Josephus relates a story describing the many aspects of this relationship. He tells of how Onias Ben Onias, the Sadducee, convened the Sanhedrin which condemned James the brother of Jesus to death, where-upon the “men of Jerusalem”—that is the Pharisaic sages—raised a bitter complaint.20
Radical change was reflected in attitudes toward and actions against the Jewish believers. Traditional Jewish sources list several reasons why the Jewish believers were placed outside the fold after the Destruction:
1. In moments of national crisis, the Jewish Christians turned their back on the national cause.2. The destruction of Jerusalem and of the Temple brought about a sense of national emergency and a consequent closing of the ranks. It would seem that the nation could no longer afford the latitude previously allowed to a wide range of sectarians and schismatics.
3. The Jewish believer sects intermingled with each other. The Ebionites drew even closer to the Gentile Christians.21
It is necessary to examine the validity and relevance of the above statements. The first point raised refers to two charges that the Jewish believers abandoned the nation in time of need. The first was alleged to have occurred during the siege of Jerusalem in 66 C.E. The latter was when Bar Kochba was rallying the forces against Rome, and Jewish believers didn’t join him. As discussed earlier, the Jewish believers in Jesus, as a matter of conscience, could not follow one they saw as a false messiah. However, their lack of action did not create a new impression, but only reinforced existing stereotypes.
Concerning the former situation, it is said that when Jerusalem was surrounded by Titus’ army in 66 C.E., at some point during the siege the Jewish believers fled. They were to have gone to the city of Pella in the Trans-Jordan region.
Moreover the people of the church at Jerusalem, in accordance with a certain oracle that was vouchsafed by way of revelation to approved men there, had been commanded to depart from the city before the war, and to inhabit a certain city of Peraea. They called it Pella.22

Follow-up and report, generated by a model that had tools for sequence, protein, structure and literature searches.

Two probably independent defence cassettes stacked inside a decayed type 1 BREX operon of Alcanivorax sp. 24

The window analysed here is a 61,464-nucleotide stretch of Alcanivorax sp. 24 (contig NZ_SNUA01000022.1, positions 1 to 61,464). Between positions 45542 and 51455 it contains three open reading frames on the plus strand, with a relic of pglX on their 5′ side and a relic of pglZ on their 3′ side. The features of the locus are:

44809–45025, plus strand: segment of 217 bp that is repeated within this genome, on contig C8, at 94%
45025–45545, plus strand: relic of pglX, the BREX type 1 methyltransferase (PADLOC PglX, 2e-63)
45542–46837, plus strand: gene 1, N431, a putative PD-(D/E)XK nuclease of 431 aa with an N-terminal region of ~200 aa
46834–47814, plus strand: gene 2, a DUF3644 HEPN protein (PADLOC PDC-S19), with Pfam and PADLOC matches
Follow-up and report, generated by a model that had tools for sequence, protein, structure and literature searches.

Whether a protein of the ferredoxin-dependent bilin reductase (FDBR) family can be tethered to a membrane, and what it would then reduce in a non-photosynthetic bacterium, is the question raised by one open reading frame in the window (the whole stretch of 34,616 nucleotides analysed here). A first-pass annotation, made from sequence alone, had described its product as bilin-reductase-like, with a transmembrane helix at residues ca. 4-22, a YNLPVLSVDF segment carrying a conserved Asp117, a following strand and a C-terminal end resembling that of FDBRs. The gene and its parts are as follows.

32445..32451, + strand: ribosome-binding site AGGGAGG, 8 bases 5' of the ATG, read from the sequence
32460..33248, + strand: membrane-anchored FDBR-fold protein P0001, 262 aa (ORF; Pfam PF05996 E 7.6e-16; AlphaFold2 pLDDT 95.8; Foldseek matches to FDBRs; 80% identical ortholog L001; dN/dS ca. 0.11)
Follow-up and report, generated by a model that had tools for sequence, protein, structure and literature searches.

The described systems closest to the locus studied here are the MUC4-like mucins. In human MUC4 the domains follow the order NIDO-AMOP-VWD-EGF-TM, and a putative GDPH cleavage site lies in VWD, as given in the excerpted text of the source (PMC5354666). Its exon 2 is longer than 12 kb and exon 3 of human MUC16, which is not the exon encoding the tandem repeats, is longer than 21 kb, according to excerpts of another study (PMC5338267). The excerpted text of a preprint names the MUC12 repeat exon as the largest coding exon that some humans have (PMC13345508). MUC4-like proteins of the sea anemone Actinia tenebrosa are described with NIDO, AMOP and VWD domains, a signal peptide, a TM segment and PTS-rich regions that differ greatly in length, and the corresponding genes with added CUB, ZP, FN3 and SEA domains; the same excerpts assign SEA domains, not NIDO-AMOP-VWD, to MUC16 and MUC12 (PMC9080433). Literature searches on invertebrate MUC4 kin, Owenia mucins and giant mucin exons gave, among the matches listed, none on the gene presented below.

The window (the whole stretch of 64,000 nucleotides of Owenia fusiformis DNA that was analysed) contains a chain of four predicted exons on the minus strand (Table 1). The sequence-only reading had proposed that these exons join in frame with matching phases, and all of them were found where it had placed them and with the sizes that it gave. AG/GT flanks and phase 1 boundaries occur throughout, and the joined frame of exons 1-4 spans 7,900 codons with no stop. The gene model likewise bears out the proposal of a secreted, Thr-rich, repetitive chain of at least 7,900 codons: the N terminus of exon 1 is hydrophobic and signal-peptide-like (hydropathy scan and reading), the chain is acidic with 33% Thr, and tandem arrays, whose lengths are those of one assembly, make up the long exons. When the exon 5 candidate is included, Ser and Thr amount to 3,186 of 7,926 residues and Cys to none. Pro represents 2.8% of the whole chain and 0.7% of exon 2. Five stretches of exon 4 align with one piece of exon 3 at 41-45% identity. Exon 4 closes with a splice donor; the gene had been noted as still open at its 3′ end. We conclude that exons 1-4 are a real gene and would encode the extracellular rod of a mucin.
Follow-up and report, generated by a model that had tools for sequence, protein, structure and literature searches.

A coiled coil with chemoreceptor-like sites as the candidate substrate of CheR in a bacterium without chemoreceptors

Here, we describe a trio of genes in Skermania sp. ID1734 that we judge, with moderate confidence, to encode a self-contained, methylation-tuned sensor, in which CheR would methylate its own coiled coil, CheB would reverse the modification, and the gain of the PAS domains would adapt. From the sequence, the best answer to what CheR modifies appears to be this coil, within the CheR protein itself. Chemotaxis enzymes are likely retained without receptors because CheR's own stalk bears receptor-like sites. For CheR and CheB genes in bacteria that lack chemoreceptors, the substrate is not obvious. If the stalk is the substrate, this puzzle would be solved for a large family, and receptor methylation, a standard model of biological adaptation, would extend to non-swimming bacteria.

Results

This traditional account of Eusebius has largely been unchallenged over the centuries. There are certain questions, however, that should be raised as to its veracity.
First, it is difficult to find other sources to support this account other than Church history. Nor is there any archaeological verification of a Jewish believing community in Pella from that era.
S.G. Brandon in The Fall of Jerusalem gives his reasons why the traditional account should be refuted:
- That the Jewish believers would have fled to a gentile city.
- That the Romans would have let a large contingent out of Jerusalem during the siege.
- That the Jewish rebels would have let such valuable defenders leave the city without a struggle.23
There is a good case for stating that the Jewish believers remained in the city alongside their countrymen. This might have been by choice or even by necessity. Either way, thousands of Jewish believers perished during both revolts. There are no records as to how many were killed, though it had to have been a significant portion of a small community. This might explain why we read or hear so little from this once very active and prolific community.
Even if some of them did manage to escape the siege, that act alone would be insufficient to brand them as traitors. Many amongst the Pharisees opposed the war and spoke out against it. Most notable was Rabbi Johanan Ben Zakkai, as we have seen. He even went to the Roman commander, it is reported. So fleeing the city or even being against the war did not make one a traitor.
A Renewed Witness
The destruction of Jerusalem and of the Temple brought about a sense of national emergency and a consequent closing of the ranks. When the sages met at Yavneh they considered those things which they felt would further weaken the bewildered Jewish state.